JazzArtSigns Concert at Wheelock Family Theatre, Boston
Wheelock Family Theatre
March 9, 2006
A JazzArtSigns performance encompasses music, visual art, and words, and it's designed to be artistically as well as physically accessible to everyone in the audience. An exhilarating JazzArtSigns concert drew a sell-out crowd to the Wheelock Family Theatre in Boston on March 9, 2006. The event commemorated the twenty-fifth anniversaries of both of its presenting organizations, the Wheelock Family Theatre and VSA Arts of Massachusetts. The performance was also supported by individual and organizational sponsors including the Massachusetts Cultural Council and the Christopher Reeve Foundation.
Making the music was a jazz quintet led by singer and JazzArtSigns originator Lisa Thorson. Joining the musicians was painter Nancy Orlovsky, and working closely with them were two ASL (American Sign Language) interpreters.
Lisa Thorson is based in the Boston area and has in the past few years been gaining wider recognition. Before becoming a professor at Berklee College of Music about ten years ago, Thorson, a wheelchair user, worked for years as a consultant on arts accessibility with various organizations, including the National Endowment for the Arts.
Tenor saxophonist Cercie Miller is a well-respected performer in New England and is on the faculty of Wellesley College. Bassist David Clark plays in New England and nationally and is a professor at Berklee. Pianist Doug Johnson plays in the Boston area and is on the faculty at Berklee and Wellesley. Drummer George Schuller is an active player in the Boston area and nationally.
Painter Nancy Ostrovsky has taken part in jazz performances with a number of musicians over the years. Ostrovsky, who has lived in Asia and North Africa, is also a studio painter who exhibits in the U.S. and abroad. Signing for the performance was Jody Steiner, a theatre artist, Access Coordinator at WFT, and artistic advisor for JazzArtSigns; also signing was Misha Derissaint, an actress and university student. Prominent among the production staff were captioner Don DePew of the Caption Coalition and audio describer Vince Lombardi.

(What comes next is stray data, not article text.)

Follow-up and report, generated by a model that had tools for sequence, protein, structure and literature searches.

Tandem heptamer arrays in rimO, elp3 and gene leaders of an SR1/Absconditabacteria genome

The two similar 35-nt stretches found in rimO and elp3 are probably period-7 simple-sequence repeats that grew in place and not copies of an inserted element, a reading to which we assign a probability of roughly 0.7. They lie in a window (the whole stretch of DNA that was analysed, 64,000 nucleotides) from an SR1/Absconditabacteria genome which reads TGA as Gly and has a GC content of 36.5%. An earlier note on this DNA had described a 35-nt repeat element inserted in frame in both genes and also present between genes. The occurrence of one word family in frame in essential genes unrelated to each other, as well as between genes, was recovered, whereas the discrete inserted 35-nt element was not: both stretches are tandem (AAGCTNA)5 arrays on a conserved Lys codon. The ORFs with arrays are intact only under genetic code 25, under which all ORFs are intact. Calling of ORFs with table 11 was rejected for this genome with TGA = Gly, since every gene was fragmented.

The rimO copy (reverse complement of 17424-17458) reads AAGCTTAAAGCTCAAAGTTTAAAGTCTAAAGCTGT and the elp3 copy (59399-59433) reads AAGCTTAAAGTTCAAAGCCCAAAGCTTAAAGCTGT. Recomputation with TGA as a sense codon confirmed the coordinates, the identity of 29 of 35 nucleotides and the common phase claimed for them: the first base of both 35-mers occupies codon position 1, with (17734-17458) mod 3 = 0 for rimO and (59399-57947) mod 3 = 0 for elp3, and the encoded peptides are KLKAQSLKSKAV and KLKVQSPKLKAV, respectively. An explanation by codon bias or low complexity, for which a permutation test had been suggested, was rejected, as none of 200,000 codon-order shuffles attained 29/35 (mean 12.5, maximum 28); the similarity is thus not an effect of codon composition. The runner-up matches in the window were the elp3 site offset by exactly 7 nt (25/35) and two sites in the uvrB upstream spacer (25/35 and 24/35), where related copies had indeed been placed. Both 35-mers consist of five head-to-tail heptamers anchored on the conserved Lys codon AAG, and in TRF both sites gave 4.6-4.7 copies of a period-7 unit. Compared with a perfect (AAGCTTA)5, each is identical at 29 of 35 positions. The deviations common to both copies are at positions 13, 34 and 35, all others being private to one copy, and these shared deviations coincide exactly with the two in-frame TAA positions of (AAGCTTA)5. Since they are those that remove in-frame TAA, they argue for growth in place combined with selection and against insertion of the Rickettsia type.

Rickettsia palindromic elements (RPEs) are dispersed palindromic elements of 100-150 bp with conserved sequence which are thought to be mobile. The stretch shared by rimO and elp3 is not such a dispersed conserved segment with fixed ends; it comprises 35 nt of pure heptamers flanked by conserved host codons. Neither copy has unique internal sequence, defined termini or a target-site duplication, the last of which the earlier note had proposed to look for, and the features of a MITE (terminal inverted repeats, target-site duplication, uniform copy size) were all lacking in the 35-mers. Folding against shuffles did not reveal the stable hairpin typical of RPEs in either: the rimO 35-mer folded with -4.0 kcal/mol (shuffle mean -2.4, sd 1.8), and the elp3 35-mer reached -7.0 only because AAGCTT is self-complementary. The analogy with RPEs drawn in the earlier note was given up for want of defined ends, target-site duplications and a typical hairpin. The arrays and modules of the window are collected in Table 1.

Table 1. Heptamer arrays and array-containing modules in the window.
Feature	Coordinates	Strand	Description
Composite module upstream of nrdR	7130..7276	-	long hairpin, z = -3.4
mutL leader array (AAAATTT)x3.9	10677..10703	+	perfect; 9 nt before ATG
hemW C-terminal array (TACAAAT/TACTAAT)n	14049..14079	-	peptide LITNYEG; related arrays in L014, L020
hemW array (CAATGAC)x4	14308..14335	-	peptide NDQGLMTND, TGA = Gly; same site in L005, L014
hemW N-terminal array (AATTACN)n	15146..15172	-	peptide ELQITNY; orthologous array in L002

In conjunction with the concert, Thorson, Orlovsky, and others involved in JazzArtSigns offered workshops on creating art and music that's accessible to a broader audience, on painting to music, and on presenting a performance of JazzArtSigns.
About a decade ago, Lisa Thorson started working on the idea that became JazzArtSigns, in conjunction with Jody Steiner and members of the Massachusetts chapter of VSA Arts, a national organization that fosters participation of disabled people in the arts. A particularly challenging goal for JazzArtSigns was to convey to deaf audience members the artistic meaning of a jazz performancenot only the song lyrics. The first JazzArtSigns concert took place in 1999 in Cambridge, MA, and the second in 2003 in Portsmouth, NH (the second performance is shown in the photos here).